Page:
It’s been a very busy month in Olympia and we are working hard to secure critical oil transportation safety measures to protect our local coasts.
The Oil Transportation Safety Act – House Bill 2347 has made it out of the House Environment Committee and Appropriations Committee and is now being reviewed by the Rules Committee. If all goes well, and HB2347 is voted out of the Rules Committee, the bill will receive a vote by the House of Representatives. This vote will take place by February 18, at the latest.
(Westport. Photo: J.Carben/Surfrider)
The main provisions of HB 2347 currently are:
- Requires Ecology to compile quarterly oil transportation reports that incorporate information submitted by certain oil facilities;
- Requires oil tankers that enter Grays Harbor and the Columbia River to be escorted by at least one tug;
- Authorizes Ecology to require 2 tug escorts, tanker-tug tethering, or other escort requirements for certain oil tankers entering Puget Sound, Grays Harbor, and the Columbia River;
- Triples natural resource damages assessment for oil spills in certain circumstances deemed reckless or negligent; and
- Directs the Office of Financial Management to conduct a study of the state’s capacity to respond to oil train accidents.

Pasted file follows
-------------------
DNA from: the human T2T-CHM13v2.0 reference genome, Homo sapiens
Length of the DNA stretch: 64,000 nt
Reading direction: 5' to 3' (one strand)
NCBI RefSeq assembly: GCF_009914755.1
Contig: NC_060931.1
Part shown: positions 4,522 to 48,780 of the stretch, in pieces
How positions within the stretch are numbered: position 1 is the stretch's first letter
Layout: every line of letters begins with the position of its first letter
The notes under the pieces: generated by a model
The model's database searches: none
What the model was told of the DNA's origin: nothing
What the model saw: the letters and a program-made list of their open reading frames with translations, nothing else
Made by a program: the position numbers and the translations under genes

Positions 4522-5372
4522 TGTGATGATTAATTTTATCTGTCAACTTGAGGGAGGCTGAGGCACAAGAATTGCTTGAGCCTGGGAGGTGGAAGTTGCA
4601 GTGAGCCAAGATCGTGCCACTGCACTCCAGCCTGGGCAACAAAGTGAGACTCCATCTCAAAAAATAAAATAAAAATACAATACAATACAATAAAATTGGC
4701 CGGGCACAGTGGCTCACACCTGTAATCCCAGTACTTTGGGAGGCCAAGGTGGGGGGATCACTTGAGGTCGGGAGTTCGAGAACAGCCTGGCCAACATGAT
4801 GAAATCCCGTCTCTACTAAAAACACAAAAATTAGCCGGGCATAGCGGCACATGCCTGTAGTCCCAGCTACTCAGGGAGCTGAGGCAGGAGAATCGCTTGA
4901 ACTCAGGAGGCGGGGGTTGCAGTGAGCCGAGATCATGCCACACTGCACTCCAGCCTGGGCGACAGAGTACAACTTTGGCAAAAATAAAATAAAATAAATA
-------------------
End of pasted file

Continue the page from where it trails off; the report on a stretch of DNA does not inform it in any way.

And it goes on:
At the same time, another oil transportation related bill entitled Transportation of Hazardous Materials (SB 6524) has passed out of the Senate Energy and Environment & Telecommunications Committee. Unfortunately, this bill contains greatly reduced protections for our recreational use areas and coastal communities. The bill:
- Requires Ecology, the Utilities & Transportation Commission, the Federal Railroad Administration, and industry experts to conduct a study of the safety of transporting oil and hazardous materials;
- Requires Ecology and the UTC to hold a symposium on emergency spill prevention and response activities for oil and hazardous materials transported in the Pacific Northwest region;
- Requires Ecology to develop a grant program for emergency first responders for oil and hazardous materials spill prevention and response plans;
- Requires oil refineries and other facilities to submit data to Ecology on the volume and type of crude oil that arrives at a facility.
In anticipation for the House of Representatives vote, we ask that Surfrider members let our elected officials know how important this issue is to recreational users of the coast. Please contact your local officials to let them know that you support HB 2347 and the safe transport of oil for our coasts and communities.
And if you have three minutes, please call your local representative. Find your legislator here.
Oil transportation safety measures are the key to guaranteeing that our coast is prepared. Take action now and make sure that we have the proper measures in place to protect against future spills.